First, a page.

Lifetime Review: 'The Midwife's Deception'
An overwhelmed pregnant woman unknowingly invites a deranged psychopath into her life in this dry-as-can-be Lifetime film.
Pregnancy is hairy in real life as well as the Lifetimeverse. Though after watching as many movies as I have, I can say Lifetimeverse ladies have it worse. They don't just have to deal with morning sickness, weight gain, and endless doctor appointments; they also have to contend with a multitude of psychotic women just waiting for the opportunity to claim another woman's baby as her own.
This is the case for seven months pregnant woman Sara (Katie Savoy). An aspiring lawyer who has just moved from the city to the small town where her husband Daniel (Billy Armstrong) grew up, Sara is desperate to make friends and find relief from the stress of her pregnancy as she prepares to take the bar exam. That's why it comes as a such a relief to her when she meets professional midwife Jina (Penelope Mitchell), who acts as a supportive wing for the stressed out, fish-out-of-water Sara. But as Sara begins to branch out and make new friends in her new surroundings, it starts to become clear (at least to the audience) that Jina has ulterior motives for befriending Sara....
It's not a good sign that, at a point, the only thing keeping me from turning off the movie was acting eye candy. Like High School Lover, the plot for The Midwife's Deception has been done many times before on Lifetime, and done much better. Much of the film goes into painstakingly unnecessary detail to show Jina working her mind games on the vulnerable Sara, with none of her methods sparking any audience interest. If anything, they will only call attention to how unoriginal and lackluster the plot truly is. Apart from the film's genuinely tense climax with a satisfying conclusion, the plot for The Midwife's Deception is dry and color-by-numbers, making the movie a chore to sit through without dozing off.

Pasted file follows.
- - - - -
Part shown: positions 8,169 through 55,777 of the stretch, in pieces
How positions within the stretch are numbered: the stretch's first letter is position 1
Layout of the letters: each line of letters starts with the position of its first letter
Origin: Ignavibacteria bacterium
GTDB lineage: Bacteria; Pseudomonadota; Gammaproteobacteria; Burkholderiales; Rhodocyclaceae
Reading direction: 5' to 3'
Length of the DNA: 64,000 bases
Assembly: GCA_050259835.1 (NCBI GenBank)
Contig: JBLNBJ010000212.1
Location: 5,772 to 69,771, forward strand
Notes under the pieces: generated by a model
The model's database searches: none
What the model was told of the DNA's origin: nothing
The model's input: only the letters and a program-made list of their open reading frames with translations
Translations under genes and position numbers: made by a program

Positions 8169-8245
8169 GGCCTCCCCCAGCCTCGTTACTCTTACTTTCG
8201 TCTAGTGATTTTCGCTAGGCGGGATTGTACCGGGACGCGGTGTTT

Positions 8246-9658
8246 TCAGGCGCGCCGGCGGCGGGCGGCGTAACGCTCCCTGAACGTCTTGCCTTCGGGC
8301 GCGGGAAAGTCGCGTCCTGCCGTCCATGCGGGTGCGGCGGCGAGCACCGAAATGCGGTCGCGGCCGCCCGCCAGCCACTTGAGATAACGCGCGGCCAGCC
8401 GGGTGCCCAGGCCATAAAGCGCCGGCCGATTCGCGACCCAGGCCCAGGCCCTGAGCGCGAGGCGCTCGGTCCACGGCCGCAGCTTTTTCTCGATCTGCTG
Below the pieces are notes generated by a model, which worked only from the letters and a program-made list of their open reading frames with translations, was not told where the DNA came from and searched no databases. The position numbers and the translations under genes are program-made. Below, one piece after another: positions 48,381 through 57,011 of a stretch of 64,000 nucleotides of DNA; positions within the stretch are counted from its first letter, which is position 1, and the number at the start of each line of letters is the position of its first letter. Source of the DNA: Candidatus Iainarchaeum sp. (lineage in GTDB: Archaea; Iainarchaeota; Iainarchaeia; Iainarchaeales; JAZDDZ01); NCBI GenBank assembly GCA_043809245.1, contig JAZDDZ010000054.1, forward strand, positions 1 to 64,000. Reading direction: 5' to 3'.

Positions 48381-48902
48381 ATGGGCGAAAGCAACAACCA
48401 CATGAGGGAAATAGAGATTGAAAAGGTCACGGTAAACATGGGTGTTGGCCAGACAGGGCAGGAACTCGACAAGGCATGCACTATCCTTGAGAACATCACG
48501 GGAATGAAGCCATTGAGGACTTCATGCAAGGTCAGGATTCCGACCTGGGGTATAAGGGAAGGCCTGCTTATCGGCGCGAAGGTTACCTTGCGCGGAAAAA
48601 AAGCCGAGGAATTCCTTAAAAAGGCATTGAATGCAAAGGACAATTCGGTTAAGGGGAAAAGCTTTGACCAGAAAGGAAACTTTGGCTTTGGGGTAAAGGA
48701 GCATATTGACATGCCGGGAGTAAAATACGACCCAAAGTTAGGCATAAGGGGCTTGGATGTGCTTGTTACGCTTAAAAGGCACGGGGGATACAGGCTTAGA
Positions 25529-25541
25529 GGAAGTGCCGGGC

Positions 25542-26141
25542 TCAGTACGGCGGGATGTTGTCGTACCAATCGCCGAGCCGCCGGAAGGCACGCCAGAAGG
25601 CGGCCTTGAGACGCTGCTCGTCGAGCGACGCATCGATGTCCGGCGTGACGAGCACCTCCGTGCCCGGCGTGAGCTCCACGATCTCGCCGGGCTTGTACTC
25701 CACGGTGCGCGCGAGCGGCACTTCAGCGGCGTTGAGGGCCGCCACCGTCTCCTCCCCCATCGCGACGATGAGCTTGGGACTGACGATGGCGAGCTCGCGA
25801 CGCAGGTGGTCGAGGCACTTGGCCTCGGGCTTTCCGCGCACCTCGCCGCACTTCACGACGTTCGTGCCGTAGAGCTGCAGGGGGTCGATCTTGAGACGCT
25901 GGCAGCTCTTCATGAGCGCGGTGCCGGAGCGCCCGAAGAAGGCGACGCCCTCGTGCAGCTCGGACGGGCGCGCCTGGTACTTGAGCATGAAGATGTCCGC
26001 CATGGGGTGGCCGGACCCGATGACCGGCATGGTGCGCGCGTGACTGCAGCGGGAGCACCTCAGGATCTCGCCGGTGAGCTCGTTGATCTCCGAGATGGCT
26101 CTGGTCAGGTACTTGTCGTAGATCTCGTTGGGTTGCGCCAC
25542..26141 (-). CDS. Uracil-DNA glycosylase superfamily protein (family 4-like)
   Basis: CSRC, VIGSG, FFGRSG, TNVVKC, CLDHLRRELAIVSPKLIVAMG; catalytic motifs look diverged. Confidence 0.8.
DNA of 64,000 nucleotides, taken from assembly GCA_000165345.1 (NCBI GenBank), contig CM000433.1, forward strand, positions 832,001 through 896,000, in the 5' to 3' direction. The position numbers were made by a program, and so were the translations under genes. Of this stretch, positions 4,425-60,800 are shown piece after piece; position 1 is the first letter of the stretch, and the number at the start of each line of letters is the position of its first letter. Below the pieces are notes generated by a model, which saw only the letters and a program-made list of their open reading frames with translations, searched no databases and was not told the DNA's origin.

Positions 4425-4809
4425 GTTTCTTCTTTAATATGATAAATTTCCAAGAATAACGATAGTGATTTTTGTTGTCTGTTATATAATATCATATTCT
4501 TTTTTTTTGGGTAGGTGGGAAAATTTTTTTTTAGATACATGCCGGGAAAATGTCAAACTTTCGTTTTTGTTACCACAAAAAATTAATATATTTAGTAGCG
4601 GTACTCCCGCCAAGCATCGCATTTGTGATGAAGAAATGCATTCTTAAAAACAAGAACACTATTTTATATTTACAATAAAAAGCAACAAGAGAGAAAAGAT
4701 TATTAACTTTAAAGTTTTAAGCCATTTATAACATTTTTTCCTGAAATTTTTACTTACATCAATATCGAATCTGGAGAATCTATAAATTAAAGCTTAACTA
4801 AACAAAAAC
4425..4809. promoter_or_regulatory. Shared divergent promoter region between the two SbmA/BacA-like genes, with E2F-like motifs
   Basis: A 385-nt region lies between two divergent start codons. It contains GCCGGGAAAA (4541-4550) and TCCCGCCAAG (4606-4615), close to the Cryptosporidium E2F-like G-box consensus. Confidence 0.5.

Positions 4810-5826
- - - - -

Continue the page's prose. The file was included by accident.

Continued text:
The casting for the movie, however, is pretty well done, which unfortunately makes the film's dull plot even more disappointing. Katie Savoy makes for a likable protagonist, playing a much more believable victim than most Lifetime heroines. New to a small town with a hectic life unfolding around her, it's understandable that Sara would be desperate for relief from the stresses of her changing life and thus become vulnerable to a malevolent person's manipulations. Billy Armstrong also makes for a good protagonist, with a certain scene where Sara presents him with his childhood teddy bear being a very sincere and sweet scene. Ultimately, though, Penelope Mitchell brings the movie together, with her solid portrayal of the unhinged Jina coming to a crescendo in the climax, where she becomes almost diabolical in her cold-hearted claims about her victims (particularly Sara).
Sadly, though, none of the acting talents found within The Midwife's Deception can salvage the film's horrendously slow and uninteresting plot. It's always tragic when actors are stranded in a movie where they are given nothing to work with. For all of the effort the film's cast puts into their performances, the maddeningly slow and dull pace of The Midwife's Deception will likely prevent many from sticking around for the whole run time. Even the most hardcore Lifetime fans might be unable to stop themselves from sticking around for the whole movie. Hopefully, the stars of this feature will get the chance to work on better films soon and Lifetime will relegate The Midwife's Deception to the dark corners of their catalog. This is sadly another dud from MarVista Entertainment, and I can only hope that this will help the company learn from their mistakes to produce the kind of material that I've witnessed first hand that they're capable of creating.
Score: 3 out of 10 childhood teddy bears.